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Elections in Egypt and Germany’s Support of the Dictatorship

Voting booths for the presidential elections in Egypt opened last Sunday. Until Tuesday Egyptians can vote in the sham elections which military dictator Abdel Fattah el Sisi is set to win after clearing away the only contender who might have been able to start a mass mobilization against the status quo, Ahmed Tantawi.

Next to the ongoing elimination of any form of political dissent since Sisi took power in 2013, the economic situation in the country has recently worsened dramatically. Currently inflation has hit 40 percent with almost certainty that Sisi will further devalue the currency and implement further austerity measures after winning the election. 

Germany has made its support for Sisi clear. German Chancellor Olaf Scholz visited Sisi mid October in Egypt to solidify Egyp’t role in upholding the blockade of Gaza during the ongoing genocide by the Israeli state. 

On November 9th Scholz had a phone call with Sisi to again reiterate the pro-Israeli stance of the two countries giving lip service to “a political solution of the conflict for long-lasting peace”. Germany abstained from the UN vote on a ceasefire in Gaza end of October and has been vocal in its support for the ongoing bombardment of Gaza. The state of Sachsen-Anhalt has even gone so far as to require the “right to exist” of Israel as a prerequisite for naturalization in Germany and it is almost certain that other states will follow suit. 

While last November Scholz was still saying that Sisi should let political dissident Alaa Abdel Fattah free and be mindful of democracy and human rights, this rhetoric has completely disappeared from the German state’s vocabulary in dealing with Egypt.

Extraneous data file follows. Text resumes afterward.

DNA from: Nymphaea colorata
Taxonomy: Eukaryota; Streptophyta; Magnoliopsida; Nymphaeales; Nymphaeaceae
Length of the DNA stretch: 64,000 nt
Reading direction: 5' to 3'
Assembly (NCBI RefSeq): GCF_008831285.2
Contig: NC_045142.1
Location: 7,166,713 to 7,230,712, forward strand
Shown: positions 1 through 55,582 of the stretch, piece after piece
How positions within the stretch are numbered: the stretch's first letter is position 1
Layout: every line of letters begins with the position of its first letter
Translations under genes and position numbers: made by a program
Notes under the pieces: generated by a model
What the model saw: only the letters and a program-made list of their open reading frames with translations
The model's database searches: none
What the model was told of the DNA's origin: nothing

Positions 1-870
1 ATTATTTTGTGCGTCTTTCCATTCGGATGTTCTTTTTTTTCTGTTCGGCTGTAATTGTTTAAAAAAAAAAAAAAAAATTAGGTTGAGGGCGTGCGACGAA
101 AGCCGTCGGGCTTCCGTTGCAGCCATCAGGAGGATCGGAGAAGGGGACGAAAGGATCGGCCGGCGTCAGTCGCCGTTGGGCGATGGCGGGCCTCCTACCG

The German state needs Egypt’s support as a strategic partner in its militaristic, political and economic support of the Zionist entity. At the same time, the German state but also the European Union see in Sisi a useful implementer of repressive border controls to hinder refugees and migrants coming to Europe. While German capital simultaneously has an interest in a “stable Egypt” under Sisi which can be seen for example in Siemens doing a deal with the Egyptian state for 8.1 billion euros to build a high speed rail network in Egypt. 

 The “collateral damage” here being the thousands of Egyptian political prisoners languishing in the horror chambers of Egyptian prisons and more broadly the Egyptian people who have to suffer under the dire economic and political status quo of the military dictatorship. The cruel irony is that the military dictatorship is in fact not stable as it is precisely its worsening economic and political situation that forces more people to search for a better life elsewhere, with many searching for ways to flee to Europe despite the dangerous route.